How business can lead fight against populism

10 March

By Luke Sayers, Chief Executive Officer, this article appeared in the Australian Financial Review - 9 March 2017

The Australian economic miracle rolls on.

In April it's likely that the anniversary of our 26th year without recession will tick over, putting us into the record books as the country with the longest economic expansion in history.

It's a record that supports the Prime Minister's mantra about there "never being a better time", and while converting this optimism into policy has been challenging, it's welcome encouragement for Australia's business sector to get on with the task of innovating to drive growth. It's a theme I'm hopeful the Prime Minister will return to at The Australian Financial Review Business Summit on Thursday.

Our economic record is all the more remarkable when you consider the economic and political turmoil of the last decade; the financial crisis, the end of the resources boom, domestic political uncertainty and the rise of anti-business and anti-globalisation forces globally.

Australia's success in navigating these challenges can be attributed in equal parts to good luck and good management and as we look ahead it's worth considering the role business can play in maintaining our record run.

Economists argue that sustained growth comes from the "three Ps" of population, productivity and participation. I would argue that there's a fourth and fifth "P" on which all this rests; politics and populism.

The political upheaval sweeping Britain, the US, Europe and nascently here in Australia is being driven by fear of immigration, globalisation, and a sense that the world is changing too quickly.

This fear has manifested as a lack of trust in institutions like government, business and the media.

According to Edelman's recent trust barometer, trust in key institutions in Australian society is at its lowest level. Despite having never had it so good at a headline economic level, individual fears about unemployment housing costs and personal debt are driving feelings of pessimism.

Against this backdrop, or perhaps in spite of it many in business are frustrated by what they see as a lack of progress in crucial areas like tax and industrial relations reform. Yet with trust at a low ebb, the ability for legislators to advocate for reform, let alone achieve it is incredibly difficult.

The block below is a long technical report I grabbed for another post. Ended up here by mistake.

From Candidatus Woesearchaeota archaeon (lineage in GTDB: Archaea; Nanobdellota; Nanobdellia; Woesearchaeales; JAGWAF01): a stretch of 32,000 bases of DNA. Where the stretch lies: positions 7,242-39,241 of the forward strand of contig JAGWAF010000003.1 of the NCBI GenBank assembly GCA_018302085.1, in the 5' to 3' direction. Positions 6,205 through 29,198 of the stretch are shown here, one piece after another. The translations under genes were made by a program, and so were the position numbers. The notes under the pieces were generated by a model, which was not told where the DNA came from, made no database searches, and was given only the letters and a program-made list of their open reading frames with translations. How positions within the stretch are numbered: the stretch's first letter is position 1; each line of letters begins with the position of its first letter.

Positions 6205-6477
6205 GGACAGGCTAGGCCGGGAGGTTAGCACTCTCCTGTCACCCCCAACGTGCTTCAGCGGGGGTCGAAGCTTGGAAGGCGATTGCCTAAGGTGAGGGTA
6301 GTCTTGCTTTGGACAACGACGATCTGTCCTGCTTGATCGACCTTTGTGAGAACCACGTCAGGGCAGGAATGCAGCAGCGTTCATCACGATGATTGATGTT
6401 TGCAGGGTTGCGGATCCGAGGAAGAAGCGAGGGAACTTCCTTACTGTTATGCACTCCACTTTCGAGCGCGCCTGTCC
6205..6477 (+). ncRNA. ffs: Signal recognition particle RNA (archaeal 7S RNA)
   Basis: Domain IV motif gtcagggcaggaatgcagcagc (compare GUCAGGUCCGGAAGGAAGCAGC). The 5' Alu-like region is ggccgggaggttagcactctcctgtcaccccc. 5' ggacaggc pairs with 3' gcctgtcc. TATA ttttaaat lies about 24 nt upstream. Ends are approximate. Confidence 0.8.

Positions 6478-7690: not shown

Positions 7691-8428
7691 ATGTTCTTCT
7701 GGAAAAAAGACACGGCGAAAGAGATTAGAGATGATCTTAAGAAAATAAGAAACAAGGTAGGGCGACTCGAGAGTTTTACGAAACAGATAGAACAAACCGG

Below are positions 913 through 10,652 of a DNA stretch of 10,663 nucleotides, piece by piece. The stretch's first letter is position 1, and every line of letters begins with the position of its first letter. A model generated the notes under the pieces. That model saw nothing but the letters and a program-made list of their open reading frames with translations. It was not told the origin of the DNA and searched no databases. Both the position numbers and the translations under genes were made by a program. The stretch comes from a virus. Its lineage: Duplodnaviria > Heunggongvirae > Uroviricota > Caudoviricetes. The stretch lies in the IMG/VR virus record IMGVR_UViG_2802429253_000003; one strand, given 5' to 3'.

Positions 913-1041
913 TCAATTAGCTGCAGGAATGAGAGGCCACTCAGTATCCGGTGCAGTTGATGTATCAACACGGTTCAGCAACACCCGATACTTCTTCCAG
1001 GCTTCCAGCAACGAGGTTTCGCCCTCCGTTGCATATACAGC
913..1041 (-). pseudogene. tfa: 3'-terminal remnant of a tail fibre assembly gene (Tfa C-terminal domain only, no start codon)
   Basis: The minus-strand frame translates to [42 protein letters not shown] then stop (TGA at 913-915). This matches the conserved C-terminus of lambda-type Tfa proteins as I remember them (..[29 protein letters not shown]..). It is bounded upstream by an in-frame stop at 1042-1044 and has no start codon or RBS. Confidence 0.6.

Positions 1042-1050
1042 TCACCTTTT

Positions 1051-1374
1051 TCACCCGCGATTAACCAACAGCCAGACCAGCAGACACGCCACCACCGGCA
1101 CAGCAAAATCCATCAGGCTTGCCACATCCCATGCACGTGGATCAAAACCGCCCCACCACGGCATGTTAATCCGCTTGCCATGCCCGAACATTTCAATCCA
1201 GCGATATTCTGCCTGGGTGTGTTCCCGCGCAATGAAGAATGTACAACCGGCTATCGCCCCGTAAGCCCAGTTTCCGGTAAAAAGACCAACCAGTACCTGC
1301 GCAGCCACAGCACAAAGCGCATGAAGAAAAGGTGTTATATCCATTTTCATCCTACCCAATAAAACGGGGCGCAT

This frustration also ignores the role business has to play in the trust agenda, and a fundamental truth of conducting business today; that is, that business needs a mandate from society to grow.

It is nearly a year to the day since the Financial Review brought Australia's business and policy elite together to discuss risk arid growth, and what could be done to encourage businesses to take more of the former to stimulate the latter.

As the same group gathers this week to consider questions around growth, we would do well to consider the question "growth for who?”.

For growth to be sustainable it must be inclusive.

Corporate Australia faces a public mat has grown weary of tales of corporate greed and misdemeanour. For business to achieve the reforms it is seeking, it must meaningfully address these issues.

It also needs to do a better job of advocating the important role commerce plays in society, and highlighting how we all benefit from a strong and prosperous business sector.

Yet our advocacy efforts must be tailored to suit the mood of the day. The same Edelman survey that traced the decline of trust also shows that chief executives are perceived as some of the least credible spokesmen on business issues.

The most credible? Employees. The lesson is that people want an authentic message, and they want to hear it from people like them. However to assume this is a communications issue alone - a failure of message transmission - misses the point

Business needs to walk the talk.

We're not suggesting that doing the right thing should be used as a bargaining chip for getting crucial reforms across the line. But if business demonstrates that it is listening and changing, it may find a more sympathetic ear when it speaks.

A more sophisticated approach to advocacy coupled with action that matches the rhetoric will ensure corporate Australia is a constructive contributor to the campaign for reform, and the fight against populism.

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